In fact I started looking for other things to roast so I checked on line about roasting beets - which again, I love but am intimidated by. Easy as all get out it turns out. Wrap 'em up in some tin foil, pour on a little oil, and roast until fork tender. Once they've cooled the skins "slip off like big winter sweaters" as one website quaintly put it. Absolutely lovely. Besides I just happend to have some NS feta, and some roasted walnuts to throw into a salad with the roasted beets. And, to top it off, a honey balsamic vinegar I had brought back from Vancouver island (Okay, this is the part where my dear brother-in-law would ask - so is it still local if you brought it back from the other side of the country? Okay, well, we'll discuss that later. But it was really good with the beets....)
Monday, August 16, 2010
There will be Speerville baked goods, Picaroon's beer and Slipp Farms meat on the bbq of course. (Sounds like someone took my NB bbq idea seriously). There will also be live music and you can go for a swim in the Saint John river. Sounds ideal. Slipp Farms is in Central Hampstead, so close to Saint John, Fredericton and Sussex.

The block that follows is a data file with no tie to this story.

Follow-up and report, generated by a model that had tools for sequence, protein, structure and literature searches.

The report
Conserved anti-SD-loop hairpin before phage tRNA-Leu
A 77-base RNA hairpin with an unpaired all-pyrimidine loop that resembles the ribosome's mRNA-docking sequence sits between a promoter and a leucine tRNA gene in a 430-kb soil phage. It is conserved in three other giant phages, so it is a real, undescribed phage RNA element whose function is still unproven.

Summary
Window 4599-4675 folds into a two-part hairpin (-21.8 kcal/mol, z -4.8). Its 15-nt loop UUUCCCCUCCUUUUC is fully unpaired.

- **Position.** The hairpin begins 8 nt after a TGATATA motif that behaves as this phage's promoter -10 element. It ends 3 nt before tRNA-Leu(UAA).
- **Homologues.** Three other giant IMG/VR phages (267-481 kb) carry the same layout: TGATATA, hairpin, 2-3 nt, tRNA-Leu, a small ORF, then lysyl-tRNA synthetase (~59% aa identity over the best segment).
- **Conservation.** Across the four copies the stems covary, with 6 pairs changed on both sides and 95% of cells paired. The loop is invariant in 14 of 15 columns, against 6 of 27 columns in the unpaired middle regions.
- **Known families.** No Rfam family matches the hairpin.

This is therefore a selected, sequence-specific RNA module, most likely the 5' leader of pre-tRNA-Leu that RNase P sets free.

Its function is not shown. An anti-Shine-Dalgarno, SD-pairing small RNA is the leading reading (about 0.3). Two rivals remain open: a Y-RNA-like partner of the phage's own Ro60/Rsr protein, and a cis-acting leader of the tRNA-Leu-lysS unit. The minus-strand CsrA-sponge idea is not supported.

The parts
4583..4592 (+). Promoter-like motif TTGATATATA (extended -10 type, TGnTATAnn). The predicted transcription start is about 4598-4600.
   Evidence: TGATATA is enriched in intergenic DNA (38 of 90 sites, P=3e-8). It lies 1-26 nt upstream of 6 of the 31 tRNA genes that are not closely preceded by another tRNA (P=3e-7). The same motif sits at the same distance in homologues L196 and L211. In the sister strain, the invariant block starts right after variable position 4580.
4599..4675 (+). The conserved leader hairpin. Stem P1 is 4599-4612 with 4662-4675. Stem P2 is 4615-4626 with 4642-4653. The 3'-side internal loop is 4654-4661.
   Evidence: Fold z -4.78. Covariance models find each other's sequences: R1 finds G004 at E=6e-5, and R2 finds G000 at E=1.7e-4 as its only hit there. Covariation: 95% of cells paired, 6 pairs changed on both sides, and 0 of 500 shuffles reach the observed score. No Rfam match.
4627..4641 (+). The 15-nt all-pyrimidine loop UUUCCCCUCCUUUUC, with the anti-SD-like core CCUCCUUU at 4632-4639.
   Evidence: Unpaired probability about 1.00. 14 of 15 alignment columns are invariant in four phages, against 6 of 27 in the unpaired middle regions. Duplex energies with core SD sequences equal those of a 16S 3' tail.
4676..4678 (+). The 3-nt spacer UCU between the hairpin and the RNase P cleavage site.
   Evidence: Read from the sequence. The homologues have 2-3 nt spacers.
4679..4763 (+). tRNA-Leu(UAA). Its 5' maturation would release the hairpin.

Saturday, August 14, 2010
Things are in full swing of course so I was able to load up on all sorts of things, including my beloved lamb's quarters (the greens on the far right of the photo). Whaelghinbran farms (OCIA certified - i.e. certified organic) brings these lovely things to the Kingston market. You've really got to try them - Michael Pollan, author of the Omnivore's Dilemma and In Defense of Food - lists them as one of "the most nutritious greens in the world" (check it out: In Defense, p.170 - sorry, can't help footnoting). And they have a marvellous nutty flavour - great raw in a salad or cooked. Not only did Whaelghinbran have lamb's quarters they also had goose foot greens (in the centre of the photo) - which are very similar, but prettier because of their pink centres - and New Zealand spinach (not from NZ directly, but originally grown there, just in case you were wondering about the food miles) which is a nice "fat" spinach (far left) - perfect, I was told, for making spinach based dishes with, like Spanakopita, since it holds together better.